Movies Are My Wife

Married to the Movies — Mdino's Blog

THE KID (1921)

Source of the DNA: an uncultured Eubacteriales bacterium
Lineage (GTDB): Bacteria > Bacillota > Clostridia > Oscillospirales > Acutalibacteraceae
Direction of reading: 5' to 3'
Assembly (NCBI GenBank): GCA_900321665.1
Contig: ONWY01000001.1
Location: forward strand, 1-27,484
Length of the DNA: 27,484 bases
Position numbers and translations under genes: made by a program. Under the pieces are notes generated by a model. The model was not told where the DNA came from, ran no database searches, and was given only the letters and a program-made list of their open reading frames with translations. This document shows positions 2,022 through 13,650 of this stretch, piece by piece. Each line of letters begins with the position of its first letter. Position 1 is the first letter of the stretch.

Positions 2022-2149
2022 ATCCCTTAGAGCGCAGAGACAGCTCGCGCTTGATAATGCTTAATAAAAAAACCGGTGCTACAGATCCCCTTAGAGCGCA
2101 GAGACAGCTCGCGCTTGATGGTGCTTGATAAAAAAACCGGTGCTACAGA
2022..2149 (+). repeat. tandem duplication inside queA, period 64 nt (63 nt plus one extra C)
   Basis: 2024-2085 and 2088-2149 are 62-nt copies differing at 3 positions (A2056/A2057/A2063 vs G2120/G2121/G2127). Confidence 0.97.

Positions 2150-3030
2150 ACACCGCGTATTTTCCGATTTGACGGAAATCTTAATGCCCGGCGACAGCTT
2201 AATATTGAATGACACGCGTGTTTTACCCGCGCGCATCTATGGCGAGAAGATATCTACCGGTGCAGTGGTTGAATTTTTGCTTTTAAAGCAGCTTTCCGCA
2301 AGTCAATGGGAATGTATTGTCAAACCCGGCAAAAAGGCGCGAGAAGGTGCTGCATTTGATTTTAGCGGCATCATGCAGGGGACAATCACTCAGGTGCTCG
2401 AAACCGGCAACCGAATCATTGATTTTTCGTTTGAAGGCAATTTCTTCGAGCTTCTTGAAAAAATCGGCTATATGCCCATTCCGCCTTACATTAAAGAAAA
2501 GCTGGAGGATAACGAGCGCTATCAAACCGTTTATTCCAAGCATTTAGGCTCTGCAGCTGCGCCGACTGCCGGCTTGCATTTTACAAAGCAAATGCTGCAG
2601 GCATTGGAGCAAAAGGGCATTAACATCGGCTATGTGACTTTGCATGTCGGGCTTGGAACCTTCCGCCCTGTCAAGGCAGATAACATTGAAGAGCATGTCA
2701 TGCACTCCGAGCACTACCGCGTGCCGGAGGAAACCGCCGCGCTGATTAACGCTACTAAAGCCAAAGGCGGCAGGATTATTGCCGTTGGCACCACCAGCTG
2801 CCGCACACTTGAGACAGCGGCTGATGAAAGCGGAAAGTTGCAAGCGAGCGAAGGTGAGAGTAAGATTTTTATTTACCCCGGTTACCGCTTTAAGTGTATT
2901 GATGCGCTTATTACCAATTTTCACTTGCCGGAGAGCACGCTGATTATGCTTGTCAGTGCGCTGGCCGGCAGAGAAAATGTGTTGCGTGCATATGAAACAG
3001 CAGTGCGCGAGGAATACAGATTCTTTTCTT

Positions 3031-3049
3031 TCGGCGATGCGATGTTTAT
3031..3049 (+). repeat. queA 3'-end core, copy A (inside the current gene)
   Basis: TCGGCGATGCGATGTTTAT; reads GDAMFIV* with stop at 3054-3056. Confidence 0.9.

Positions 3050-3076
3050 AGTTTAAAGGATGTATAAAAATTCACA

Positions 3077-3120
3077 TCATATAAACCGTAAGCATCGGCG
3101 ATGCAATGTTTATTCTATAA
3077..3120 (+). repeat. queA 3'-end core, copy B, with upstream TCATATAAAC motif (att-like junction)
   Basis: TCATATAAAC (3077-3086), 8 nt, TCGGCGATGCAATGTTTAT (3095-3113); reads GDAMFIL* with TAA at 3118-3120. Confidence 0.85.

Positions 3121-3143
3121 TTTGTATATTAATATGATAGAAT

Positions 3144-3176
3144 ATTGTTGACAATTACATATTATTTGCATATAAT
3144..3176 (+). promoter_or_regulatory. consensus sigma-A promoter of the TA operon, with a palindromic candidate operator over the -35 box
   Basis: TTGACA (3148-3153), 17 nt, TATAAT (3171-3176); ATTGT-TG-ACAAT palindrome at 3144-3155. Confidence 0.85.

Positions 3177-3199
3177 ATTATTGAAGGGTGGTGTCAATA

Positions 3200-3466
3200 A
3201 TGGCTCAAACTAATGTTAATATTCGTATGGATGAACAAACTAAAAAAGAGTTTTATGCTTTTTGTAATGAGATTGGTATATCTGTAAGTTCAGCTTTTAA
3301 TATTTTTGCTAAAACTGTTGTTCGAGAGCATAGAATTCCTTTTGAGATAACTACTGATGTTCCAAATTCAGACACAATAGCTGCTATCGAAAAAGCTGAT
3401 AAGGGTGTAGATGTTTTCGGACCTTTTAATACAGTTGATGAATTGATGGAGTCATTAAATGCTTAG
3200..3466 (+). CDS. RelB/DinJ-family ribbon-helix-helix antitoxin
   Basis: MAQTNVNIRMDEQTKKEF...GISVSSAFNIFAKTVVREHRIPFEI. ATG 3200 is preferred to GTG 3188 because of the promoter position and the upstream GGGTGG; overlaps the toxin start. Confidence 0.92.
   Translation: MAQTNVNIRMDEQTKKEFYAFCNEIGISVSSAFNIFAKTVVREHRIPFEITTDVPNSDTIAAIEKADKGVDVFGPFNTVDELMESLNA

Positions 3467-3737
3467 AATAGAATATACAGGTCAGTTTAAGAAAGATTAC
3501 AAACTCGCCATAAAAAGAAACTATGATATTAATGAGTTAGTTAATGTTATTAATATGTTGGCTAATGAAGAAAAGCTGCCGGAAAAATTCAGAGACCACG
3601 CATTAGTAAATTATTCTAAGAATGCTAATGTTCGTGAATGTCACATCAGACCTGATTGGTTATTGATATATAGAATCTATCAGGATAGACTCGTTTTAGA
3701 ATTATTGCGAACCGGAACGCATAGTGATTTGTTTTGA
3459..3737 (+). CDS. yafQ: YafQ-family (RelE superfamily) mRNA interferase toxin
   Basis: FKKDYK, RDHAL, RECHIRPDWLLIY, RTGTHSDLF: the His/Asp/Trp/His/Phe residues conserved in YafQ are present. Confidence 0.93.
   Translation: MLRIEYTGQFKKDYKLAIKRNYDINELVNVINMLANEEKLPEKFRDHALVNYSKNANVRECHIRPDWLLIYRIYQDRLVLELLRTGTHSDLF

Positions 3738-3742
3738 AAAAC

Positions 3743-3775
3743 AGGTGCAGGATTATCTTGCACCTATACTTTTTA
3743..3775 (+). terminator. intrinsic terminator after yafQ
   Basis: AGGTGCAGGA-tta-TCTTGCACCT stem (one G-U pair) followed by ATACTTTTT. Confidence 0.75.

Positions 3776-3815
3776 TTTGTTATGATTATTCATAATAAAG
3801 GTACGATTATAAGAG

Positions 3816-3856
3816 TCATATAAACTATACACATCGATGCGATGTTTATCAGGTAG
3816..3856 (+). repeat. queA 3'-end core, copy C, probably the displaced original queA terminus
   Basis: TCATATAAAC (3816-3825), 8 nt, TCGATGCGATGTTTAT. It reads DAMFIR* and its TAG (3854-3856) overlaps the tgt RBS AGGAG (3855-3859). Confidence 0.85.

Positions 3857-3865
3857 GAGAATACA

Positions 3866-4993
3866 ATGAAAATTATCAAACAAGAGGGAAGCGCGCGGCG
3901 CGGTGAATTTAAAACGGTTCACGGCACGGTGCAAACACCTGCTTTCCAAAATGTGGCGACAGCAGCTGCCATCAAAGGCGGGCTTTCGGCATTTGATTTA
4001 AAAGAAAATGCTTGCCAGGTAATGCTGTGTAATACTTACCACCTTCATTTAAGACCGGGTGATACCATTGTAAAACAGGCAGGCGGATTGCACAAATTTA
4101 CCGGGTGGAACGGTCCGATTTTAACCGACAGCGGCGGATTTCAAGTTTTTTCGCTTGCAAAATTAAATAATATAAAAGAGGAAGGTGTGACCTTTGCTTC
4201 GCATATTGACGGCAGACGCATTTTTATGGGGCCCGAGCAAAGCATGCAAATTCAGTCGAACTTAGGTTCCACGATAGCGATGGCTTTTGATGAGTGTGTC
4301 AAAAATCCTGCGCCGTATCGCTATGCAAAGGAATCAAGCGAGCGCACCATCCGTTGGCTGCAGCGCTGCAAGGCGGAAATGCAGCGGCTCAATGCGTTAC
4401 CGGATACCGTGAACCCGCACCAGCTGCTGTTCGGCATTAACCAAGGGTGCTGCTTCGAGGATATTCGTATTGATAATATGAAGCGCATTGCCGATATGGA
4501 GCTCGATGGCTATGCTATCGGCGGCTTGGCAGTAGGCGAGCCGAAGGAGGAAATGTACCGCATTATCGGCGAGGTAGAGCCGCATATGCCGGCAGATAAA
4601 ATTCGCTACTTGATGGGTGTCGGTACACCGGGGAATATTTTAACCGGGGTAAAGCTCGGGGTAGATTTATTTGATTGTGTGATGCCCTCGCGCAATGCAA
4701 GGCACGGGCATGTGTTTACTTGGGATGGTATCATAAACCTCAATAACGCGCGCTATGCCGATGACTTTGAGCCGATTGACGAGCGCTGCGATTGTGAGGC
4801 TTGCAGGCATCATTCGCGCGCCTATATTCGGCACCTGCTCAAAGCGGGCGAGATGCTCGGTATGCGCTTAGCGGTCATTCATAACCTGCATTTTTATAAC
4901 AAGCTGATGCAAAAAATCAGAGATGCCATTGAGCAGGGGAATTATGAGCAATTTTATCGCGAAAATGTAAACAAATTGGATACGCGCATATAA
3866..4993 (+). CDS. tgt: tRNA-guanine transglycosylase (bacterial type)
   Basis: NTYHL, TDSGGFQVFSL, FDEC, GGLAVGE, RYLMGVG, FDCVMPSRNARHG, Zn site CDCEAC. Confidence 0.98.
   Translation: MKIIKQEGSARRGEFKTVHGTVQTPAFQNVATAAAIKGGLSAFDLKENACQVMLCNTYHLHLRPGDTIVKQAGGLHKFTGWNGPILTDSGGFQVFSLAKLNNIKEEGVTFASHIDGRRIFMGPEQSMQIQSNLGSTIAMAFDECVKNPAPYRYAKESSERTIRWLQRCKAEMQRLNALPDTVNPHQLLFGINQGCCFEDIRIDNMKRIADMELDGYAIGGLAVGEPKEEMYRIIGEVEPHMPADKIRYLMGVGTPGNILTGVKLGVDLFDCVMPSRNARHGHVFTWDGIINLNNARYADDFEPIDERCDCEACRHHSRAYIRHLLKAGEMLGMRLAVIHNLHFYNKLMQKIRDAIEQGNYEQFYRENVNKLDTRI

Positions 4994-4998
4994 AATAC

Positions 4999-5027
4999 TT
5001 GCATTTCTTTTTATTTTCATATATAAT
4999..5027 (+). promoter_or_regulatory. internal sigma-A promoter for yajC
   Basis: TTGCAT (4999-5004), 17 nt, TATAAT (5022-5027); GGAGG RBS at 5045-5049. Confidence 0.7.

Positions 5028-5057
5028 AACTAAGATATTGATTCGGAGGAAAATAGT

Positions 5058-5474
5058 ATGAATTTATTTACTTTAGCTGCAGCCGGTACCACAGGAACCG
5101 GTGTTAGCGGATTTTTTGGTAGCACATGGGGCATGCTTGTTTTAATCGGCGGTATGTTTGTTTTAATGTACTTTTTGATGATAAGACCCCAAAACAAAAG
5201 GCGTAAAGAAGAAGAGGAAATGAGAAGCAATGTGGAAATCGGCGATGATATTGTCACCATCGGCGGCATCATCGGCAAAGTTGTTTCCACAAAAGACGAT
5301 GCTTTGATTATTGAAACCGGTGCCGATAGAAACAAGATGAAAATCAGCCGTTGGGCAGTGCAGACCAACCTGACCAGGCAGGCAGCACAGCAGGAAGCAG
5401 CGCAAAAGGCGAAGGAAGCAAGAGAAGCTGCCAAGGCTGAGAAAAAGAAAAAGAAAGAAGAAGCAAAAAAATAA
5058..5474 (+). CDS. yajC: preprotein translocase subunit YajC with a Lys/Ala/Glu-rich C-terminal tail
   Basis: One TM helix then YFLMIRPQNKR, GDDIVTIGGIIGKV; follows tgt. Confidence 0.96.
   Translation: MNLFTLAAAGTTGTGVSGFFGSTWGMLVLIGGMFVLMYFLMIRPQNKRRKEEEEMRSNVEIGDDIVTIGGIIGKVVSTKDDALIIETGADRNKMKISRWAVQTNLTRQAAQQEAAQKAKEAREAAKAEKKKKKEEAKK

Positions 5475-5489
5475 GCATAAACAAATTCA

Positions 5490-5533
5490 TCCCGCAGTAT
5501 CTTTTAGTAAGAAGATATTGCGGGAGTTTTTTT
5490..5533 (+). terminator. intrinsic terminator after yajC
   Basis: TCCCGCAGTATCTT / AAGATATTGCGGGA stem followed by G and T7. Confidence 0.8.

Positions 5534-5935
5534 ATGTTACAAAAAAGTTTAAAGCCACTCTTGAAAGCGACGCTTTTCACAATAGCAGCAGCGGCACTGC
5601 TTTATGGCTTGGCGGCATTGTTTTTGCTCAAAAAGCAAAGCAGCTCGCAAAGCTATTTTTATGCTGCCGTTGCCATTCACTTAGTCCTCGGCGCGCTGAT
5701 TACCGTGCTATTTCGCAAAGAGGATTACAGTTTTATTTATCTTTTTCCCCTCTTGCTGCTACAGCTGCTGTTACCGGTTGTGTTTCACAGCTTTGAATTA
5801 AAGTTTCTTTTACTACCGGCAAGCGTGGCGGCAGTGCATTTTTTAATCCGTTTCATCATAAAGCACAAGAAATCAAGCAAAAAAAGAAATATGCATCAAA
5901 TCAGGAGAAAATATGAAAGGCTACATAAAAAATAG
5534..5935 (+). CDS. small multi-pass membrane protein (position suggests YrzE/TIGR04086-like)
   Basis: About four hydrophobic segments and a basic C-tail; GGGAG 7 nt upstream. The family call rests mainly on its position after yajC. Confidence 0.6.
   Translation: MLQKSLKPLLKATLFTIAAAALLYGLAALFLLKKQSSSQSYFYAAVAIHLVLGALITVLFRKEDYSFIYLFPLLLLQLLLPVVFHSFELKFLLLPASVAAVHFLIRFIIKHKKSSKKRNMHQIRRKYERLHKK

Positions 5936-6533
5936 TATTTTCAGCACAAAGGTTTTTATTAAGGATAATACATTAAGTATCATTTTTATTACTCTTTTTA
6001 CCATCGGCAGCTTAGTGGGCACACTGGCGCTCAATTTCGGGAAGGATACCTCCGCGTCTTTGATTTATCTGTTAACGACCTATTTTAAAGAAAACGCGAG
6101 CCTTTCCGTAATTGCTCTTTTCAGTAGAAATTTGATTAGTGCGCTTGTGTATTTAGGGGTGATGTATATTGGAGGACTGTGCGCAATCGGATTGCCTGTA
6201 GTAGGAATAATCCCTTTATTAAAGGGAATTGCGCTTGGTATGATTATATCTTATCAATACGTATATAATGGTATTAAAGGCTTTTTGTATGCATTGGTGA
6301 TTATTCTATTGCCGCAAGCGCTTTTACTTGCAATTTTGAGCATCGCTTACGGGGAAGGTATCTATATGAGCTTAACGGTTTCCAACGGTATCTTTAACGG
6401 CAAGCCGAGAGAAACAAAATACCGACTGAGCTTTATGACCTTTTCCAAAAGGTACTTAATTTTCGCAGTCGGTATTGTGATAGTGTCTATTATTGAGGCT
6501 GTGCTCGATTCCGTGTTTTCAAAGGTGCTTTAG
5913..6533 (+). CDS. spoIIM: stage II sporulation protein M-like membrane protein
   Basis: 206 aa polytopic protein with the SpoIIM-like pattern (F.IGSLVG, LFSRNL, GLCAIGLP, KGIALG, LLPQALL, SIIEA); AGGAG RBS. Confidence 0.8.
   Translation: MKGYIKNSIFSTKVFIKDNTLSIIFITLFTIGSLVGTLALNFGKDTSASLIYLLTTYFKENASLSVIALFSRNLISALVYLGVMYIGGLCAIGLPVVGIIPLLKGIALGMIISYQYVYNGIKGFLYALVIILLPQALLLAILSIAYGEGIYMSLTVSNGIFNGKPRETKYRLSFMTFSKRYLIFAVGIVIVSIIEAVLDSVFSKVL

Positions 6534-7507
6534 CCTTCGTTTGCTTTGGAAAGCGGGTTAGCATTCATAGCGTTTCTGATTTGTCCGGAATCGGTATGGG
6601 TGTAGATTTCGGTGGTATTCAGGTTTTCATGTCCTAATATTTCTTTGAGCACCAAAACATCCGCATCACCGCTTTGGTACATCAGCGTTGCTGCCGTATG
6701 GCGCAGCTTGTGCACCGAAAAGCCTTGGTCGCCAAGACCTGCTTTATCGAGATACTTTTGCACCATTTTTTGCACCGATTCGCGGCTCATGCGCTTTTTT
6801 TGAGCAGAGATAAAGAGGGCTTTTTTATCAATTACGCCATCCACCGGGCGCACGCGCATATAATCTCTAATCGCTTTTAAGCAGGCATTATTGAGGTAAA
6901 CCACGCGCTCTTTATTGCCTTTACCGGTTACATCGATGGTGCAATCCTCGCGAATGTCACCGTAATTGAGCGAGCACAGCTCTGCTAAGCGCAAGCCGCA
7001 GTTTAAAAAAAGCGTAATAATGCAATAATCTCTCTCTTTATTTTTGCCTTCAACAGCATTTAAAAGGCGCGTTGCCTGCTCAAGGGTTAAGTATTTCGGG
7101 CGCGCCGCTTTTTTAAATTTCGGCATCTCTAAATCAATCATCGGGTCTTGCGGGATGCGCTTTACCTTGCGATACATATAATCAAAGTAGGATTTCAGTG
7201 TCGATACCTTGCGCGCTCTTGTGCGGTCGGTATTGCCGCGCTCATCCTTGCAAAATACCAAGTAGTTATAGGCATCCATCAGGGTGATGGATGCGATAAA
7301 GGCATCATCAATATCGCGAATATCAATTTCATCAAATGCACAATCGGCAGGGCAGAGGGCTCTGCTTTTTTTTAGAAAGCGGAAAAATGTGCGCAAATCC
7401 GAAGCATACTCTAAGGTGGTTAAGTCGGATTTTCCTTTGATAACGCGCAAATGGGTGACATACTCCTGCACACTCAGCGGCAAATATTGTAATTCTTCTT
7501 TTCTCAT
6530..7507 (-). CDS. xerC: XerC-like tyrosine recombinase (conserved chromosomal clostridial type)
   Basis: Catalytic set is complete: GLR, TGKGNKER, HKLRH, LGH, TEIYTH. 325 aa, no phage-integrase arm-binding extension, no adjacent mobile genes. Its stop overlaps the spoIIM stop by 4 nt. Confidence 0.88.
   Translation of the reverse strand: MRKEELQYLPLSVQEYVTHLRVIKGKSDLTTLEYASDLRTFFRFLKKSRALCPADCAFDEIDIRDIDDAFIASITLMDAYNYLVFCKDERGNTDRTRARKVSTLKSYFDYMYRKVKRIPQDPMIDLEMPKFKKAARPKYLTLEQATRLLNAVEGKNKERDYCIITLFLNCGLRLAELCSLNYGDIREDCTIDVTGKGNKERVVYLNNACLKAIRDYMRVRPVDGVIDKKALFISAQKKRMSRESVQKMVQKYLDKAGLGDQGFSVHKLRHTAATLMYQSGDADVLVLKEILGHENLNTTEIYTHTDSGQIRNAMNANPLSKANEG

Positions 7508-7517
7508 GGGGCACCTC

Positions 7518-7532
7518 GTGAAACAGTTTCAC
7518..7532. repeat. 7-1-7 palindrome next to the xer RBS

THE KID (1921) is Charlie Chaplin’s first real feature. He had previously appeared in Mack Sennett’s full length 1914 production of TILLIE’S PUNCTURED ROMANCE, but only in a supporting role. With THE KID, Chaplin was in complete control. He wrote it, directed it and played the lead role – that of his soon to be legendary “tramp” character. Developed during a series of shorts at Essanay and then Mutual Studios, the tramp was allowed full flowering in this First National Studios release. With its mixture of whimsy and heartbreak, THE KID gave audiences a richer version of the profoundly impoverished yet elegant little man who through it all sported a three-piece (though shabby) suit and a proper bowler hat. And his walking stick was always on hand to add a regal touch.